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Hans Christian Andersen

Kay; we know nothing about him. We sing our song, the only one we know.'

And Gerda went on to the buttercups shining among their dark green leaves.

'You are a bright little sun,' said Gerda. 'Tell me if you know where I shall find my playfellow.'

The buttercup shone brightly and returned Gerda's glance. What song could the buttercup sing? It would not be about Kay.

'God's bright sun shone into a little court on the first day of spring. The sunbeams stole down the neighbouring white wall, close to which bloomed the first yellow flower of the season; it shone like burnished gold in the sun. An old woman had brought her arm- chair out into the sun; her granddaughter, a poor and pretty little maid-servant, had come to pay her a short visit, and she kissed her. There was gold, heart's gold, in the kiss. Gold on the lips, gold on the ground, and gold above, in the early morning beams! Now that is my little story,' said the buttercup.

'Oh, my poor old grandmother!' sighed Gerda. 'She will be long- ing to see me, and grieving about me, as she did about Kay. But I shall soon go home again and take Kay with me. It is useless for me to ask the flowers about him. They only know their own stories, and have no information to give me.'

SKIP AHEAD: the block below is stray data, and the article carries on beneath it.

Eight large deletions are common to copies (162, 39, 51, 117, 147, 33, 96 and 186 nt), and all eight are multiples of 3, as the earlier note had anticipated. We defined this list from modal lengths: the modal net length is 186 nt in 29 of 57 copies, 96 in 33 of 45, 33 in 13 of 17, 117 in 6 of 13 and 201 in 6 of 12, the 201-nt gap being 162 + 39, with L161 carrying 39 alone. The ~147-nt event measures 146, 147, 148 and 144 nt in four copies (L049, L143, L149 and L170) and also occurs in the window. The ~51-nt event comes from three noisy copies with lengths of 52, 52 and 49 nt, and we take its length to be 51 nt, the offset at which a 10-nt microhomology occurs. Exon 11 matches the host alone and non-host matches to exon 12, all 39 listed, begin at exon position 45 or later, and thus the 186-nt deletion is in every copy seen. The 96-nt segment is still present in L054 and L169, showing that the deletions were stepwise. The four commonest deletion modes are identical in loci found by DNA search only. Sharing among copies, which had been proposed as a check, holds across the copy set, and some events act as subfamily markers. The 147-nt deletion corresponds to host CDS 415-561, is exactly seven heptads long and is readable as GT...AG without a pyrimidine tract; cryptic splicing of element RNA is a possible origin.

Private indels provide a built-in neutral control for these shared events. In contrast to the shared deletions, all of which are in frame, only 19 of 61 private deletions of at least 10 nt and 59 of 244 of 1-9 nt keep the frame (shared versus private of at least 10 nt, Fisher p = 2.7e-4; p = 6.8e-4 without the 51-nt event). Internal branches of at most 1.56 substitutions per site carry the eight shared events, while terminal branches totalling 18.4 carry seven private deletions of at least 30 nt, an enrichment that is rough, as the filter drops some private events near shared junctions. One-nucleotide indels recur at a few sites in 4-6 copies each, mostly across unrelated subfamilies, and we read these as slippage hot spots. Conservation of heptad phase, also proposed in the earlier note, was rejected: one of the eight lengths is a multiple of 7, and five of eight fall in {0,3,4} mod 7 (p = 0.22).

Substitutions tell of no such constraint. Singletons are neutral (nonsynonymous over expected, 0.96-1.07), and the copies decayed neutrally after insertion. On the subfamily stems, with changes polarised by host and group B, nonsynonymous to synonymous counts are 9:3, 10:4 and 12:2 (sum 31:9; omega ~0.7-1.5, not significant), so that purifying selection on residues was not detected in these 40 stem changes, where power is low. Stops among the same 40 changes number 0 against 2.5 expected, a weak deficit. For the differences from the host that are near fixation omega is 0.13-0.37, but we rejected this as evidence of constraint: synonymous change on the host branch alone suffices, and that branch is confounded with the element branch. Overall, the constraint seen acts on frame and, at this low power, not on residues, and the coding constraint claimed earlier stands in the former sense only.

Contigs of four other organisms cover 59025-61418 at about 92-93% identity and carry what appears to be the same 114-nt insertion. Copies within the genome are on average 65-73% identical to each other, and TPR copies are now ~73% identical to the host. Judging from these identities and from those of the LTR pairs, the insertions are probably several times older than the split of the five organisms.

Then she tucked up her little dress, so that she might run the faster; but the narcissus blossoms struck her on the legs as she jumped over them, so she stopped and said, 'Perhaps you can tell me some- thing.'

She stooped down close to the flower and listened. What did it say?

'I can see myself, I can see myself,' said the narcissus. 'Oh, how sweet is my scent. Up there in an attic window stands a little danc- ing girl half dressed; first she stands on one leg, then on the other, and looks as if she would tread the whole world under her feet. She is only a delusion. She pours some water out of a teapot on to a bit of stuff that she is holding; it is her bodice. "Cleanliness is a good thing," she says. Her white dress hangs on a peg; it has been washed in the teapot, too, and dried on the roof. She puts it on, and wraps a saffron-coloured scarf round her neck, which makes the dress look

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